Of all of the players Hannan has skated with in Washington, he looks most comfortable lining up next to offensive defenseman Mike Green. I asked the 32-year-old if that was the case.
“Yeah, anytime you can get paired with a skater like that, you just give him the puck and watch him go,” Hannan said. “We’ve played well and I think we’ve read off of each other well. But you know, me and Johnny [Erskine] have played together these last couple games and I thought we’ve played well too. He’s a different type of player, but we both like to battle in the corners. He’s a big body out there, so it’s been fun playing with both of those guys.”
I’m always curious when a new player comes to town how much or how little management speaks with them about their role on and off the ice, so I asked the 11-year veteran for his thoughts on the subject.
“I’m here to help out any way I can,” he said. “I’ve got plenty of experience and I’ve been in the playoffs, so I’ve been there before. Anything I can pass along, I’m happy to do it. Other than that, I’m just going to go out and play my game.”
That last point is a big one – Hannan’s teams have made the playoffs eight of his previous 10 seasons. So it’s safe to assume he’s not someone who is going to get rattled easily just because the regular season comes to an end.
Hannan is in the final year of a four-year, $18-million deal he signed back in 2007 when he was with the San Jose Sharks, so I asked him if Washington was a place he saw himself playing in for a while or if he was content to see how the season played out before rushing to any decisions.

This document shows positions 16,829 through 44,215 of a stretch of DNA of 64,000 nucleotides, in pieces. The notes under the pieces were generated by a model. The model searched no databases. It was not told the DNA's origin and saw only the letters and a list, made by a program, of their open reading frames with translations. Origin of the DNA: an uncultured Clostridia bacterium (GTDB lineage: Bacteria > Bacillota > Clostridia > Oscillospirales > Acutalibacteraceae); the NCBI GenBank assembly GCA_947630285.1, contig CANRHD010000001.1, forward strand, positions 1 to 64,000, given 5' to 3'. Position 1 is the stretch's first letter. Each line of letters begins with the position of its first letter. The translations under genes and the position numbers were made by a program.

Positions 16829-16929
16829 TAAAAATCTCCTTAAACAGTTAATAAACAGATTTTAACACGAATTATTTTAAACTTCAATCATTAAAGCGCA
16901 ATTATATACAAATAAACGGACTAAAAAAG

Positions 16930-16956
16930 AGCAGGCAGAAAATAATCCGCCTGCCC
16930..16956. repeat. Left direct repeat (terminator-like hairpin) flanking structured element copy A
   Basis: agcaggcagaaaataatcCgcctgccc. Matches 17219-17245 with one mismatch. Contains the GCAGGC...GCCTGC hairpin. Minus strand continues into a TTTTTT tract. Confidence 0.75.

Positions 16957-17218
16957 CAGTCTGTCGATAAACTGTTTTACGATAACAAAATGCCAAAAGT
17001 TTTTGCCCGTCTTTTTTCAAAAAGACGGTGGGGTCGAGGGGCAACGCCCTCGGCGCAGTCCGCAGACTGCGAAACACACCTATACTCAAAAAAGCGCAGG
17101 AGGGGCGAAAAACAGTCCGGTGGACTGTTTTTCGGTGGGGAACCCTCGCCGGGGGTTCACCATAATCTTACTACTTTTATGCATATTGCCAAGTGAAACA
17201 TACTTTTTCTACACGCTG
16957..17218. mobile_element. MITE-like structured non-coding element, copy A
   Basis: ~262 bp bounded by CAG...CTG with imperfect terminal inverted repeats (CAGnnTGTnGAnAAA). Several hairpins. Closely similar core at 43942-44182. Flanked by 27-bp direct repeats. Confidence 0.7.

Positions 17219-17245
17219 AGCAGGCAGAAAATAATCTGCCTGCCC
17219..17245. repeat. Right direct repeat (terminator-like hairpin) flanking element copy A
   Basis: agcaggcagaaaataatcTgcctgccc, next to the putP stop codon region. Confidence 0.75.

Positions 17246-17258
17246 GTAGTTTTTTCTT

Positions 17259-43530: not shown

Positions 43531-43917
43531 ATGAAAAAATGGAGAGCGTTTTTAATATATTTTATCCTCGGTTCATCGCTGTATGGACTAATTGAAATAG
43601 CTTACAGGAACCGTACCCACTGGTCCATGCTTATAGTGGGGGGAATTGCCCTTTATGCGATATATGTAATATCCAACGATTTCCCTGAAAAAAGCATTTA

“Yeah, for sure,” Hannan said of wanting to play for the Capitals beyond this season. “My wife and me are settling in. It’s a great group of guys and obviously there’s a great deal of talent on this team. It’s a fun place to be.”
This season, the Caps rank 13th in the NHL in scoring (2.8 goals a game), but are playing much better in their own end (2.5 goals against, seventh best in the league) – despite the fact that none of their goalies appear able to remain healthy.
Washington also currently boasts the second-best penalty killing unit in hockey – killing off 85.8 percent of the powerplays they’ve faced this season. Now, we’re not going to try and claim Hannan is the reason for all of the improvements in the defensive zone, but it’s safe to say he’s played a key role.
The Capitals may no longer resemble the run-and-gun team we’ve all come to know and love, but if Hannan and the rest of the defensemen continue to play this well, we might actually get to see more than one round of playoff hockey this time around. Crazy talk, I know.